Captive Andromeda (1876)
For Victorian painters seeking to make their nudes socially acceptable the classical world was a wonderful justification for depicting naked women. Even better, for all sorts of reasons, if they could depict a naked chained woman, hence the popularity of Andromeda as a subject. We have already looked at two examples by Delacroix and Takanen.
A Piper, Arthur Hill
Here is an example by the English artist Arthur Hill, about whom very little is known except that he specialised in classical nudes as well as landscapes and portraits. His style is like a combination of Alma-Tadema, although with less architecture (Hill reduces the classical elements to small background items) and Poynter, who produced his own Andromeda a few years before this one (which we will look at another time).
Before the Bath (1880), Arthur Hill
Hill's dates are not known although he was active between 1858 and 1893. He worked in Nottingham and London and exhibited at the Royal Academy.
William Russell-Cotes and his wife Annie on their wedding day, 1860
This picture was owned by the remarkable Victorian collector Sir Merton Russell-Cotes (1835-1921). Russell-Cotes was born in Staffordshire but his father died when he was seven and he was brought up by his sister and her husband in Glasgow. Russell-Cotes started in the wine and hotel trade in Glasgow and in 1875, having been unwell and seeking a more temperate climate than Dublin, where he had been living since moving from Scotland, he bought the Bath Hotel in Bournemouth. After extensive renovation it re-opened in 1880 as the Royal Bath Hotel and was an immense success, hosting the likes of The Prince of Wales, Disraeli and Oscar Wilde. Russell-Cotes made a great deal of money and was able to indulge his passion for art, which he hung in his hotel.
Russel-Cotes and his wife at home in the Royal Bath Hotel with part of his collection
Apart from pictures by Hill he owned works by Corot, Turner, Alma-Tadema, Edwin Long, Landseer, Albert Moore, Leighton, Rosetti, Etty and many, many more. He had a significant collection of nudes which, he recorded, often aroused scandalised comment.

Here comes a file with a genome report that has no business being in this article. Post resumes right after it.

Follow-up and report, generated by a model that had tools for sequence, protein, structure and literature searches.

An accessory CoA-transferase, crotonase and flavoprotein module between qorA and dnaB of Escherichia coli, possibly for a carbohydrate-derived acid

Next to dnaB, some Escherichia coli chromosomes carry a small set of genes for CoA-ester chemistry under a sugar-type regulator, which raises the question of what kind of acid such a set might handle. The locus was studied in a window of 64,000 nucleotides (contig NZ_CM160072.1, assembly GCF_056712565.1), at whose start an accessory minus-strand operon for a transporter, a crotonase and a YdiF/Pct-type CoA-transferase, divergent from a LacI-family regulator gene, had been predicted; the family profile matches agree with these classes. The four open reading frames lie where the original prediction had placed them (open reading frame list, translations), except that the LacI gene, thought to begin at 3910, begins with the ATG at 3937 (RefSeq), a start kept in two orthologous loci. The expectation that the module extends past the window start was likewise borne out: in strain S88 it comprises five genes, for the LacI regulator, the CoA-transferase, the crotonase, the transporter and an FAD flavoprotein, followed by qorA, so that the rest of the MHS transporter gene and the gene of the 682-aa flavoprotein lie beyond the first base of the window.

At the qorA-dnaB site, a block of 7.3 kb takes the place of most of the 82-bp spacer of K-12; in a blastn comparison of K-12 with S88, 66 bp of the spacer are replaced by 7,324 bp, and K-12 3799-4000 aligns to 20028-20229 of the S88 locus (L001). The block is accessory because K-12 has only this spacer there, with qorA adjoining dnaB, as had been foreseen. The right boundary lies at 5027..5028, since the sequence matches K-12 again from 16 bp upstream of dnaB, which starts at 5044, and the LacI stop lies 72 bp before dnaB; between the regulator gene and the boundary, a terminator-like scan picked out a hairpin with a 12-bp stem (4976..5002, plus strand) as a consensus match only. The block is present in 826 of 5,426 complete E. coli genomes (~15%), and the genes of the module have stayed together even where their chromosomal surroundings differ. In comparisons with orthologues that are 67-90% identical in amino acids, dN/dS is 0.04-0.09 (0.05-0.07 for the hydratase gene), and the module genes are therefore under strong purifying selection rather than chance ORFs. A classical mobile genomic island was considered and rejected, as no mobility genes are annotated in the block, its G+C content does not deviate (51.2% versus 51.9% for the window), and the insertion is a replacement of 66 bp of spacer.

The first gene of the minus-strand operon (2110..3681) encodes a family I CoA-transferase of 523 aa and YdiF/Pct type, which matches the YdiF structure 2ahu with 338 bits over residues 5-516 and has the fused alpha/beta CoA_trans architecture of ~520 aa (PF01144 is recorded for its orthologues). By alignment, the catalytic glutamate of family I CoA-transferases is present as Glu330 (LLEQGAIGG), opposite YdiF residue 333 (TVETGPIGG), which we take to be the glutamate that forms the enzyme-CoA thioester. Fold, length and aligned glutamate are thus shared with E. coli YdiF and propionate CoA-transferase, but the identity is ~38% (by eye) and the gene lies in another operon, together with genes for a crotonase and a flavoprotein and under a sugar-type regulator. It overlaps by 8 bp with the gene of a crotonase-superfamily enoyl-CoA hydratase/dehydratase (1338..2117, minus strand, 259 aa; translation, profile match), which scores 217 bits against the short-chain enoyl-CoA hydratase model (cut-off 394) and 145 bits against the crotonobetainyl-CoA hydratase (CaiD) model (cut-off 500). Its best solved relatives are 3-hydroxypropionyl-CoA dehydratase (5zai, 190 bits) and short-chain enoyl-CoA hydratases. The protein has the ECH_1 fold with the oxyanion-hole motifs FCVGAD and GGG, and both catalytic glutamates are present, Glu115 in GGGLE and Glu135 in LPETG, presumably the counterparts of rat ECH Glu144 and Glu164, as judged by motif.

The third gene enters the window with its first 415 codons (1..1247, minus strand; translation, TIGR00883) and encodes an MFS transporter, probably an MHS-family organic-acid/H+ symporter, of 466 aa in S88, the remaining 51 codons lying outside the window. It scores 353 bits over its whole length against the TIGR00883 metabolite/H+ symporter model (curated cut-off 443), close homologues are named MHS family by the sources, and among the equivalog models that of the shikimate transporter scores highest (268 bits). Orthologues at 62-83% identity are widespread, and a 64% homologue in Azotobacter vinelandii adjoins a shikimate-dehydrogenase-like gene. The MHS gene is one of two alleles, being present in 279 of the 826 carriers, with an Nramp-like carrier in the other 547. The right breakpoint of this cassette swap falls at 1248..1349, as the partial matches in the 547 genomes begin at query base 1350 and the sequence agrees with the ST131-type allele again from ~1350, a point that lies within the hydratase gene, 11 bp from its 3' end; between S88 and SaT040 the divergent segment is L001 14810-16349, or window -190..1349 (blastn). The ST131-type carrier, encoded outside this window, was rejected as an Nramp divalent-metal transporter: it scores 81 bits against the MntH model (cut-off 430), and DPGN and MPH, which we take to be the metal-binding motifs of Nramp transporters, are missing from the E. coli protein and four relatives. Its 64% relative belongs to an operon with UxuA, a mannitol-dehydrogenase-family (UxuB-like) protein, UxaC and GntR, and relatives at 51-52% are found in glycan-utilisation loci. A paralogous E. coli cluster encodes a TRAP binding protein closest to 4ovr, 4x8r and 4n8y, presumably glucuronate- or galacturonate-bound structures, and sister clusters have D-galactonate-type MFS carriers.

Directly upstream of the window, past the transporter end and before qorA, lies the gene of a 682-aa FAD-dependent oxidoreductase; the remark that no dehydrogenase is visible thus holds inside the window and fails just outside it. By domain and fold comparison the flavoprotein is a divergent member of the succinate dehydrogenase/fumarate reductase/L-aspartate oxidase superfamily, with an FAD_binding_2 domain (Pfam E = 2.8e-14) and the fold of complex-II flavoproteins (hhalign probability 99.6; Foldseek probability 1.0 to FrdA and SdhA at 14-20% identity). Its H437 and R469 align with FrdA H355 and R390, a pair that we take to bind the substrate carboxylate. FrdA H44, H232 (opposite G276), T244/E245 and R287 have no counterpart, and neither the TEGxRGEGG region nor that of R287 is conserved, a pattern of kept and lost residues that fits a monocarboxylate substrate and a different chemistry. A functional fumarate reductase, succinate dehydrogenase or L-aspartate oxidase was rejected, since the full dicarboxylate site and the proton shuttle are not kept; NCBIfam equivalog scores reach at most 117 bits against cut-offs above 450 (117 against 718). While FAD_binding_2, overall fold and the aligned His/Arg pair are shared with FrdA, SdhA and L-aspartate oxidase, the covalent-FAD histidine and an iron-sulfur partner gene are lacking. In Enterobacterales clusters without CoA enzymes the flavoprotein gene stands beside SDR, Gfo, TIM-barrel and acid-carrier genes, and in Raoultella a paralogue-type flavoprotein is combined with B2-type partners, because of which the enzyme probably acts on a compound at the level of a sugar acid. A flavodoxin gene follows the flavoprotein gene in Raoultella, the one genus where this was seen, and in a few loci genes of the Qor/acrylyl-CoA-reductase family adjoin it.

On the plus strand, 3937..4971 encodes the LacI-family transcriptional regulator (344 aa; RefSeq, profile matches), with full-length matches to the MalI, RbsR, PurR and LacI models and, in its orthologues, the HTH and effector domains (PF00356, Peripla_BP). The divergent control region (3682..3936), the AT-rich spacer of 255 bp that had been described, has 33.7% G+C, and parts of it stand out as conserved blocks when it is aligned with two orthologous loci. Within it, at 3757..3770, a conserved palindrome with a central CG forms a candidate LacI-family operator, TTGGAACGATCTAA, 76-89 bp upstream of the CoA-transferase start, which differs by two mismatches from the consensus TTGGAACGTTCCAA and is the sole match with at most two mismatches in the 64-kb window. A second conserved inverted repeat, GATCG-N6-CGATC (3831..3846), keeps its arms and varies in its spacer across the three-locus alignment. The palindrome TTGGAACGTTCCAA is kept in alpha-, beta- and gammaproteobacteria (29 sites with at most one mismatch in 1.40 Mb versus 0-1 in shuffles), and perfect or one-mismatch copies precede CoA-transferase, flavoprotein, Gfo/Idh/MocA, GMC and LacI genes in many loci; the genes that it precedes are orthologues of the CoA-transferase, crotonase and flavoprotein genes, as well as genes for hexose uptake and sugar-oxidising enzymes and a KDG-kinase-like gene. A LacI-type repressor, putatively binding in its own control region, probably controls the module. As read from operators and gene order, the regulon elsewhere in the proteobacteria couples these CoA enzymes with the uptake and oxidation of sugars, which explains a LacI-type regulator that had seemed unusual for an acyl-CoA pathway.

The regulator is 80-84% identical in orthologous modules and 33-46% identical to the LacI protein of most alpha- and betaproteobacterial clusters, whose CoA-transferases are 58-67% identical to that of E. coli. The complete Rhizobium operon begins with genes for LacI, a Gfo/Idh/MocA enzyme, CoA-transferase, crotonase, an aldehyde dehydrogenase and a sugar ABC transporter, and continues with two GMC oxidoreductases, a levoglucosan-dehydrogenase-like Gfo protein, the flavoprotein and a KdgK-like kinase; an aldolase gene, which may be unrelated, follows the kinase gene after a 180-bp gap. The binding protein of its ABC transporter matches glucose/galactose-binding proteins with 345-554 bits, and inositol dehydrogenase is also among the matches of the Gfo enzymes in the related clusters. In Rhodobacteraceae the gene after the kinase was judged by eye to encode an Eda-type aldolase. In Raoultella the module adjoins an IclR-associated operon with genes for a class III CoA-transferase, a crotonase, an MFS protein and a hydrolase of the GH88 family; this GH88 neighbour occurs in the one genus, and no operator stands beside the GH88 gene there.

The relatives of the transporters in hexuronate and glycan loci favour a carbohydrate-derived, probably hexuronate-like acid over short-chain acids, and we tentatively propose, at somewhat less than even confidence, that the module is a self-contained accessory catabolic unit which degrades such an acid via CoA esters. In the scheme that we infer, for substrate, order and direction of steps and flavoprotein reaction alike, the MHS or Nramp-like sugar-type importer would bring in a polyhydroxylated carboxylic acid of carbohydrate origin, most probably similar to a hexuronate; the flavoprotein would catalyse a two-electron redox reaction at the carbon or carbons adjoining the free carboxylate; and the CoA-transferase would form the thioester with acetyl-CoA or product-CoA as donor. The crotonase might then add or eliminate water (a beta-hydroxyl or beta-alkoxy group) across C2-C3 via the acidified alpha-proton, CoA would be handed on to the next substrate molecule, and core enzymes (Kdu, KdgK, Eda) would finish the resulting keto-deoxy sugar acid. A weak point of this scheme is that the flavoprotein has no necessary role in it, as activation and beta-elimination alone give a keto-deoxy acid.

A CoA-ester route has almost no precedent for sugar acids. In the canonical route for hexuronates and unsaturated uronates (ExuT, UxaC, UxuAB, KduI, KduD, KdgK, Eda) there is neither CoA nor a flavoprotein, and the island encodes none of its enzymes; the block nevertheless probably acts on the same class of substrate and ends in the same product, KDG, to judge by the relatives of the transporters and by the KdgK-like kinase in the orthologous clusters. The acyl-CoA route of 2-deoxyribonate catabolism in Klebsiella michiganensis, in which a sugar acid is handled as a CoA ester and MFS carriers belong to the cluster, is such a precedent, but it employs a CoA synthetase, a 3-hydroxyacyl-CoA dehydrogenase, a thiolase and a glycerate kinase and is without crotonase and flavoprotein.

The main Hall at East Cliff Hall, 1907
Some commentators have identified a sado-masochistic approach to items in his collection but, in fact, Russell-Cotes was a significant patron of women artists which tends to a suggest a less sensationalist view of women. Russell-Cotes also had a significant collection of the then popular orientalist picture and in this category had another Hill, The Egyptian Water Carrier.
The Egyptian Water Carrier
In 1894 he became Mayor of Bournemouth and made plans for his house, East Cliff Hall, which was designed to house his collection and is now the Russell-Cotes Art Gallery, where his collection can now be seen (including Captive Andromeda).
East Cliff Hall in 1907
His collection became so large, even though he sold around a third of it off at Christies in 1905, that a major extension had to be added to the to the house but this was done after he had given both his collection and East Cliff Hall to the municipality. He was allowed to continue living there until he died in 1921. Today it is a rare, surviving Victorian collector's house.
East Cliff Hall and the gallery extension which opened in 1919
When it was first exhibited the reviewers saw no dubious elements in a naked, chained girl (or if they did they did not admit to them!). The Art Journal in 1875 (Hill revised the picture afterwards, hence the 1876 date) said that "Hill makes a by no means unsuccessful dash at the female nude, and has been able to appropriate it to a picture at once classic in tone and chaste in sentiment".